“19. Americans went without, for all in the School Compound to share. Some were refugees, whose homes were dangerous.  It was difficult to reach the flour depot on (sic) “wheat market”, as streets were strictly guarded by French police.  Finally two Serb officers saw the order and took Miss M. to get the flour.  Terrible fighting in P.M. and evening, on the north hills.  French fired much; German shells on city; no harm to us.  At 10 P.M. 8 French soldiers got into the Orphanage Compound. At 1 A.M., those who had probably come over the wall opened the street gate which was locked inside; they let in other soldiers.  They knocked on Orphanage door, but Mrs. Mita did not open it.  Soldiers also went to some neighbors’ houses.  The French Chaplain, Pastor Gonin, and Dr. Muller entered a complaint for Miss M. to the French Authorities.  Fierce battle in evening on the western front.
“20. Last night, the men at the School Compound.  Dea. Uncha and Daniel, Mr. Eftem and Mr. Nicola took turns in going to the Orphanage to see if all was right.  Hard fighting all night.
“21. Battle on the hills in evening.
“23. At 3.30 P.M. a terrible bombardment by Germans, and shells fell not far away, and on the Volkani house.  Kosta Sarabakaloff’s little Nadeshda was killed.  Also, five other children near the Roumanian Church.  Mrs. Santa and Baba Santa were on the street and saw them.  All our people came home safely.
“24. Not many German shells, but French fired many; in an hour, Mrs. Mircheff counted about fifty.  In evening machine guns were fired at Magarevo.
“25. Christmas Day!  Picked a bunch of violets in the yard .  Roses are budded.  German shells on city in A.M., damaged many houses, but no casualties so far as we know.  Shells kept some of us away from the French service at 1 P.M. soldiers had set up a tree in our church and decorated it very prettily, at 2.30.  After the tree exercises at 5 o’clock,  Miss M., Baba Santa and Magda served tea.  Soldiers brought tea, sugar, biscuits; Miss M. furnished bread and raspberry jam.  Pastor Conin, Dr. Paul Muller and 24 soldiers were presents and all had a good time.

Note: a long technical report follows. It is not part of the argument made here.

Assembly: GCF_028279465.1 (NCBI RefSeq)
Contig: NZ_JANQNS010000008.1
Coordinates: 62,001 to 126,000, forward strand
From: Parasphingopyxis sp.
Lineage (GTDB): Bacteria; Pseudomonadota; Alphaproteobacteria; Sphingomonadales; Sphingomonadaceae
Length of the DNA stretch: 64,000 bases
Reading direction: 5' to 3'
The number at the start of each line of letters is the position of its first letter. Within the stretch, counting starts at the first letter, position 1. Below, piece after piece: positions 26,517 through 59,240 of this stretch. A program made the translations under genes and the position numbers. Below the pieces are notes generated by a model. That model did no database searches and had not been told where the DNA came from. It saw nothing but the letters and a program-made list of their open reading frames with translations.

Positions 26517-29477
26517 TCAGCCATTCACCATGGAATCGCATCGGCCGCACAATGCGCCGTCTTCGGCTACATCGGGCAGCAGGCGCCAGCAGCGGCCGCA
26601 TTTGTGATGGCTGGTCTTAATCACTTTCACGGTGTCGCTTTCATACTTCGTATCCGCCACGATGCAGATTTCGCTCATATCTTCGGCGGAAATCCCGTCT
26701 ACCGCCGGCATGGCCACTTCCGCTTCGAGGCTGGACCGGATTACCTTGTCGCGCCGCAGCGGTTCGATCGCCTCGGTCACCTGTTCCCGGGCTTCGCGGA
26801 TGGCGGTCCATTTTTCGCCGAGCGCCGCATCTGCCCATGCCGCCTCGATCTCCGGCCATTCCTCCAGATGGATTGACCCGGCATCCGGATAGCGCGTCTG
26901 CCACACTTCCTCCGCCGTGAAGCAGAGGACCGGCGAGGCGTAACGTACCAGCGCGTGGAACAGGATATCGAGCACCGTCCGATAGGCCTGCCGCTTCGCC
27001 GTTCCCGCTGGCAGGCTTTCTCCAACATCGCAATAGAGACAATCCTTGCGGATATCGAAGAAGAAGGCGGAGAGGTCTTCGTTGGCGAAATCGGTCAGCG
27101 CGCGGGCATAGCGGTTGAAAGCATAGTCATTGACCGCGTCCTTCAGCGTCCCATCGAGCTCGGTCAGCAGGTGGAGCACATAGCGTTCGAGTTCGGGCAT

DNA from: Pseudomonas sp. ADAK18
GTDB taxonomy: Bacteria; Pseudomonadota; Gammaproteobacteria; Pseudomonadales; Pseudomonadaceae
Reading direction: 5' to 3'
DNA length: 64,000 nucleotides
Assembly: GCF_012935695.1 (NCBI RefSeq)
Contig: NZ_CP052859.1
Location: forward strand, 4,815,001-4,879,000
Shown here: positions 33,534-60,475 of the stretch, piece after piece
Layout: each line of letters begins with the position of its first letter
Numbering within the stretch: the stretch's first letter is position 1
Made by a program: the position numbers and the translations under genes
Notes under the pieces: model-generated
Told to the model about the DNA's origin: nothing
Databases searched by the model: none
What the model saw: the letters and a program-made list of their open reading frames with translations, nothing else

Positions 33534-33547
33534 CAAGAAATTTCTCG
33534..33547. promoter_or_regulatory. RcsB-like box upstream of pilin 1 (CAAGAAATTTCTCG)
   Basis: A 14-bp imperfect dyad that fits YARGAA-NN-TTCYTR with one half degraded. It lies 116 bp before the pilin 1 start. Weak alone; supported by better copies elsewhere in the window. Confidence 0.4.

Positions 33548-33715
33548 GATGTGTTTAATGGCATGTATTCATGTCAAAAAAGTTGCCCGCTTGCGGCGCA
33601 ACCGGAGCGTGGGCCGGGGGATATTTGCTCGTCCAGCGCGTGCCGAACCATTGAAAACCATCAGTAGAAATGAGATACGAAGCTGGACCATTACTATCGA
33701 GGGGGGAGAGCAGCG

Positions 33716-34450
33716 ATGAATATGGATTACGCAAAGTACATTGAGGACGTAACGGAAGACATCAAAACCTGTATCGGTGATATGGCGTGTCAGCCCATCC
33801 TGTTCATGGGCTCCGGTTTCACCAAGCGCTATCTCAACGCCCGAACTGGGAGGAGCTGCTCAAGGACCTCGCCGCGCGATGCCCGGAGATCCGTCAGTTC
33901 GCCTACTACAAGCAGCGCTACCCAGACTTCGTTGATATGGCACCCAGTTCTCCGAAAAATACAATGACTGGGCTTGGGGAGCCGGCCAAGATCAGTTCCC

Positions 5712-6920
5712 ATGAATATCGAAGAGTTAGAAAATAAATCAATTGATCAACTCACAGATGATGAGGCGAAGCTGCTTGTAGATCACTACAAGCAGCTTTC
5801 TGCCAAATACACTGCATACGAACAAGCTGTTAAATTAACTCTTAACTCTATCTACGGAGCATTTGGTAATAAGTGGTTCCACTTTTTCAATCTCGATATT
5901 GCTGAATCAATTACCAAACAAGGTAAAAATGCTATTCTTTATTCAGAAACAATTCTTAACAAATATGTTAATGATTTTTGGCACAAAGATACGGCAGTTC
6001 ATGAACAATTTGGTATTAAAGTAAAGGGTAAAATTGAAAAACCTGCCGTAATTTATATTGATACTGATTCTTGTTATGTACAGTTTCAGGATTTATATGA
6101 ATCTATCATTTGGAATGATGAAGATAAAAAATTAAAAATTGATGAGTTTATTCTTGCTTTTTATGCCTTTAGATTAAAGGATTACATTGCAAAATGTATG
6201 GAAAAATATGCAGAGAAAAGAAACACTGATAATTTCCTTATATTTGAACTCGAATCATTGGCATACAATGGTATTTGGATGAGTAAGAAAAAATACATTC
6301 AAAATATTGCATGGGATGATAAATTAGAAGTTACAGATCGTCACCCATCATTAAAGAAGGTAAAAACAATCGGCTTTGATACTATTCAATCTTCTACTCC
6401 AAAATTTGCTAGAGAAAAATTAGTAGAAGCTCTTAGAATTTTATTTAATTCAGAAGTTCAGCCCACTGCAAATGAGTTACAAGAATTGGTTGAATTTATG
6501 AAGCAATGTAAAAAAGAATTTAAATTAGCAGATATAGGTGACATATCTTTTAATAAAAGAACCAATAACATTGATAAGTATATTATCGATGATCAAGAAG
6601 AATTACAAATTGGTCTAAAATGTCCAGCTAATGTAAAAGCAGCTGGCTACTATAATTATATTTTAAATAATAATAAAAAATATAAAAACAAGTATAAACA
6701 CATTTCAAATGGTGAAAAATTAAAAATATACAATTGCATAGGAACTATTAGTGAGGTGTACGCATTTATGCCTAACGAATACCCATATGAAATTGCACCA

“26. A lively rifle battle tonight.
“27.Wed.  French fired; Germans answered; about 1.30 and 8 P.M.  Considerable damage to people and property.
“28. Thur. Roar of cannon almost continuous.  German shells fell frequently, especially from 1 to 2.30 P.M.
“29. Fri.  Cannon thundered all day.  German shells fell about 10.30 A.M. and often in P.M.  One fell in yard of Mr. Geo. Rombi, op. our Annex, and broke the stone at his well; broke a pane in our Science Room; a bit blew thru window and fell near my desk upstairs.
“30. Sat. Cannon firing most of day.  City seems dead.  Few on streets.  No trade.
Damaged houses everywhere.
“ 31. Sun.  German shells on city, about noon.   One in our garden at 3 P.M. broke panes of the School.  No one was hurt.  Marvellous!  God is very good to us.  The orphans had sat in yard until 5 min. before shell fell.

Full diaries and letters of Miss Mary L. Matthews at Mount Holyoke College, where she was in the class of 1885.   https://ascdc.mtholyoke.edu/exhibits/show/marymatthews

References
1. Peggy Hanson Website - grand niece of Mary L. Matthews

2. Mary L. Matthews Papers, 1863-1950 - Mount Holyoke College Archives and Special Collections